Repsol Honda team boss Livio Suppo fell on his sword after the Australian Grand Prix, taking full responsibility for making the mistake that caused MotoGP points leader Marc Marquez to be disqualified Sunday at Phillip Island.
Marquez stayed on track one lap longer than allowed by rules hastily created by Dorna and IRTA to combat a serious Bridgestone tire degradation problem on the newly paved Phillip Island Circuit. Riders were forced to switch bikes in a pit stop during the race, with no rider allowed more than 10 laps on any set of tires. Marquez pitted after 11 laps and was disqualified, seeing his championship lead sliced from 43 to 18 points over race winner Jorge Lorenzo with two races remaining.
But an even bigger finger needs to be pointed elsewhere than the digit aimed at Suppo, HRC boss Shuhei Nakamoto and the rest of the strategists at HRC or Repsol Honda.
Why was Bridgestone allowed to bring a tire to Phillip Island that never had turned a lap on the new asphalt before Free Practice 1 on Friday? Why was there no pre-race tire test to examine suitable compounds?
MotoGP racing is among the most dangerous forms of motorsport on Earth. Dorna, FIM and IRTA officials examine every square inch of circuits to ensure all safety measures are met. It's not uncommon for requests to be made to shave the height of a curb by one-half inch, move a curb a few inches or add air fence seemingly miles from the edge of the track.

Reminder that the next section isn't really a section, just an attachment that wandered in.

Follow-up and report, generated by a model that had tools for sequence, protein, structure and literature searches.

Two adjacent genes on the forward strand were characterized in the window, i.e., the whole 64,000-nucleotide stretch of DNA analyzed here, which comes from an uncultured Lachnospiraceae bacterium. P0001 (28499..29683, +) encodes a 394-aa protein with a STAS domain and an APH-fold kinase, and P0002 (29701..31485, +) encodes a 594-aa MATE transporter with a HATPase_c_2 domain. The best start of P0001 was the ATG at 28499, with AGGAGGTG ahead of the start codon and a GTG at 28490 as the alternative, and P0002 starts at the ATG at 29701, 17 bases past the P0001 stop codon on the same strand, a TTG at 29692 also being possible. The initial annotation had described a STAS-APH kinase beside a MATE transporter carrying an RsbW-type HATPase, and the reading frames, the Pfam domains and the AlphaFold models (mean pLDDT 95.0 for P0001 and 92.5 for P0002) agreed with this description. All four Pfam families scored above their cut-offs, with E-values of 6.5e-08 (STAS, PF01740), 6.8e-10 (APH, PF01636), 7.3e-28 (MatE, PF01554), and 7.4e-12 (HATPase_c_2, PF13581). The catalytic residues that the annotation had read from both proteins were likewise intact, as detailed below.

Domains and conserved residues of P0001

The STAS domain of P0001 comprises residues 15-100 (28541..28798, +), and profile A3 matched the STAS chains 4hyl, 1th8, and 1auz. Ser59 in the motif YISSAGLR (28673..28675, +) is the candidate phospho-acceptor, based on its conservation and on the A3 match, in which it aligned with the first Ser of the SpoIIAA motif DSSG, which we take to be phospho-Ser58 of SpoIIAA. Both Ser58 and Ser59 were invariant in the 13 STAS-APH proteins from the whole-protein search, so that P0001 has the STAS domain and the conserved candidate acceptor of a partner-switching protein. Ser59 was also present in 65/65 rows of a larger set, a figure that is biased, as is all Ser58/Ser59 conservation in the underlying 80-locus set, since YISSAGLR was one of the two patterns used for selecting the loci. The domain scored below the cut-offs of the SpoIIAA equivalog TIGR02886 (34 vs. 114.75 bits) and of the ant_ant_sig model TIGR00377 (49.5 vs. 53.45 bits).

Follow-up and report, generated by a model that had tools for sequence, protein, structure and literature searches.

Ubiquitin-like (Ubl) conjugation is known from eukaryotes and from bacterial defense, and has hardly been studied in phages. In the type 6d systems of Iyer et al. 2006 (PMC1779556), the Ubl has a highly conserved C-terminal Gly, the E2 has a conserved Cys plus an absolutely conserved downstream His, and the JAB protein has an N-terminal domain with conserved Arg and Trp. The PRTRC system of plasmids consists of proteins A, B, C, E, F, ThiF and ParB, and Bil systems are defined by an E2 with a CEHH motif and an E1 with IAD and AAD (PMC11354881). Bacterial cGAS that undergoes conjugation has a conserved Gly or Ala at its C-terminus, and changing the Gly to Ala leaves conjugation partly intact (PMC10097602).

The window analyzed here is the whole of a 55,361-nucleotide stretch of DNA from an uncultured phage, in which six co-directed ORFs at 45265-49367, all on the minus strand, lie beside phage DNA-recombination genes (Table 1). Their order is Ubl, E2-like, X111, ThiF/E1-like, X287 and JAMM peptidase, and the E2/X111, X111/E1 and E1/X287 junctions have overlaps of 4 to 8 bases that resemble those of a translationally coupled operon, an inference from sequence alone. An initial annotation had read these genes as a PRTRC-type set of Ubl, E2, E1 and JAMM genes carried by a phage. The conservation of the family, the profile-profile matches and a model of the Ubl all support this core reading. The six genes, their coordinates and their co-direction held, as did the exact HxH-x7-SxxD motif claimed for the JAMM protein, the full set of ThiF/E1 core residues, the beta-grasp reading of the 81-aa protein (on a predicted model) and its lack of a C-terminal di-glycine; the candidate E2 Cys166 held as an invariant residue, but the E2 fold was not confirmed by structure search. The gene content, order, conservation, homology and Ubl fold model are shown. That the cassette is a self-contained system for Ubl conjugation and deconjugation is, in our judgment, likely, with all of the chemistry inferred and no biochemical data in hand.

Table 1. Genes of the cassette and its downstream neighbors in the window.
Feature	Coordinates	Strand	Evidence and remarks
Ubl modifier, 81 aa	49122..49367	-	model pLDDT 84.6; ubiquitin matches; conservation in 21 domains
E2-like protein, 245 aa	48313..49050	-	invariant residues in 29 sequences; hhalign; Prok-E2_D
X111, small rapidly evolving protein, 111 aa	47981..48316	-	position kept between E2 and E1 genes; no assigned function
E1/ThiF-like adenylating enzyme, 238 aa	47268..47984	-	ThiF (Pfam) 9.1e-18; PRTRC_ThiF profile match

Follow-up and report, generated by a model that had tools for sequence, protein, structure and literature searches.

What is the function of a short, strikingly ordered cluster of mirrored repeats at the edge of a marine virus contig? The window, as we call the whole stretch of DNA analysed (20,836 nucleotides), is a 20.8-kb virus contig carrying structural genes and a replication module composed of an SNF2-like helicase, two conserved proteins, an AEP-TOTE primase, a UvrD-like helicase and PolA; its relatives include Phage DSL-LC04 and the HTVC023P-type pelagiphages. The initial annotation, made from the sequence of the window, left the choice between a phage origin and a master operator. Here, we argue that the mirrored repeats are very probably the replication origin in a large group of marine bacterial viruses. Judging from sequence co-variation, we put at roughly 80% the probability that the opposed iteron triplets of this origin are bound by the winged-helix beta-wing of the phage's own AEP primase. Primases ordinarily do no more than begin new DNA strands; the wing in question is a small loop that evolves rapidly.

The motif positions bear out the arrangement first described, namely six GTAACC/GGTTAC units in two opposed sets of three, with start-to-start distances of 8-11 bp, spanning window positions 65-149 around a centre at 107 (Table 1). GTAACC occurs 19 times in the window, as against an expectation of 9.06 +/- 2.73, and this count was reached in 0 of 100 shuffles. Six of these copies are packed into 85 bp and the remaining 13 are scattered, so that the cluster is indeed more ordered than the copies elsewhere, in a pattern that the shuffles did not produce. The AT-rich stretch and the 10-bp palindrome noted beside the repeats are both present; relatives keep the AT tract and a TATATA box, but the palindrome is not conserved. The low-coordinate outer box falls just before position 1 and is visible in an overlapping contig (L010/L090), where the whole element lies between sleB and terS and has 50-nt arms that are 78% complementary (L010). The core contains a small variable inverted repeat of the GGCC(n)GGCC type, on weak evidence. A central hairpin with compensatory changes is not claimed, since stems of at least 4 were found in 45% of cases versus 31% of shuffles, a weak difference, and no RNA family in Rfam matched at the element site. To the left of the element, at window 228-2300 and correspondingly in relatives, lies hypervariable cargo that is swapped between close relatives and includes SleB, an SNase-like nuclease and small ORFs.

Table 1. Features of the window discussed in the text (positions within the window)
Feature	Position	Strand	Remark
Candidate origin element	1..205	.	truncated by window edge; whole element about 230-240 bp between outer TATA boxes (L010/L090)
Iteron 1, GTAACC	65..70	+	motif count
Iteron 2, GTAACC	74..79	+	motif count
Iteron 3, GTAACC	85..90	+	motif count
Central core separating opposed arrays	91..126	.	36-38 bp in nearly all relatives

So how could Dorna overlook one of the most crucial elements of the safety of any rider, tires?
No question Australia is in a corner of the world that doesn't host MotoGP races throughout the year. No question it would have been expensive for teams to test there. But surely one bike from each of the three factory teams and a leading CRT machine could have been flown to Phillip Island before the Malaysian Grand Prix earlier this month for testing or even after preseason testing at Sepang, as the Phillip Island repaving was completed last December.
Major North American series NASCAR and IndyCar conduct tire tests every time a circuit is repaved, allowing Goodyear and Firestone, respectively, reformulate compounds if needed. An identical number of drivers from each engine manufacturer participate, and teams are rotated to prevent any unfair advantage.
Teams gain performance data, tire manufacturers are able to build safe tires, and tracks get a valuable PR opportunity. Everyone is happy.
There's absolutely no reason why tire tests should not be mandatory for any circuit that is repaved.
The infield section at Indianapolis, for example, is being repaved right now. The circuit already has suffered through two very damaging tire debacles with Formula One and NASCAR, neither of which were the circuit's fault. Yet fans turned away from both of those events in droves after the Michelin-marred F1 race in 2005 and the Goodyear follies in the Sprint Cup race in 2008.
So if Dorna is serious about making MotoGP a success at Indy, then it must schedule a tire test at the Brickyard for next spring or summer. A tire problem at Indy next August could be fatal to that event due to the legacy of miscalculations by tire companies in the last 10 years at the facility.
The shortening of the race distance and mandatory pit stop also created a farce of a competitive spectacle Sunday at Phillip Island. Sure, the pit stops were compelling TV, with Lorenzo nearly endo-ing himself while swapping bikes.
But the doomsday scenario--which was easily predictable--nearly happened when Lorenzo and Marquez bumped while Lorenzo was speeding through the frighteningly fast Turn 1 and Marquez was exiting the pits.
This was not MotoGP. This was not the balls' out carnival we expect on Sundays. This is not NASCAR. It's not F1. It's not IndyCar. MotoGP doesn't need pit stops or artificial means to create tighter competition.
MotoGP should be better than this.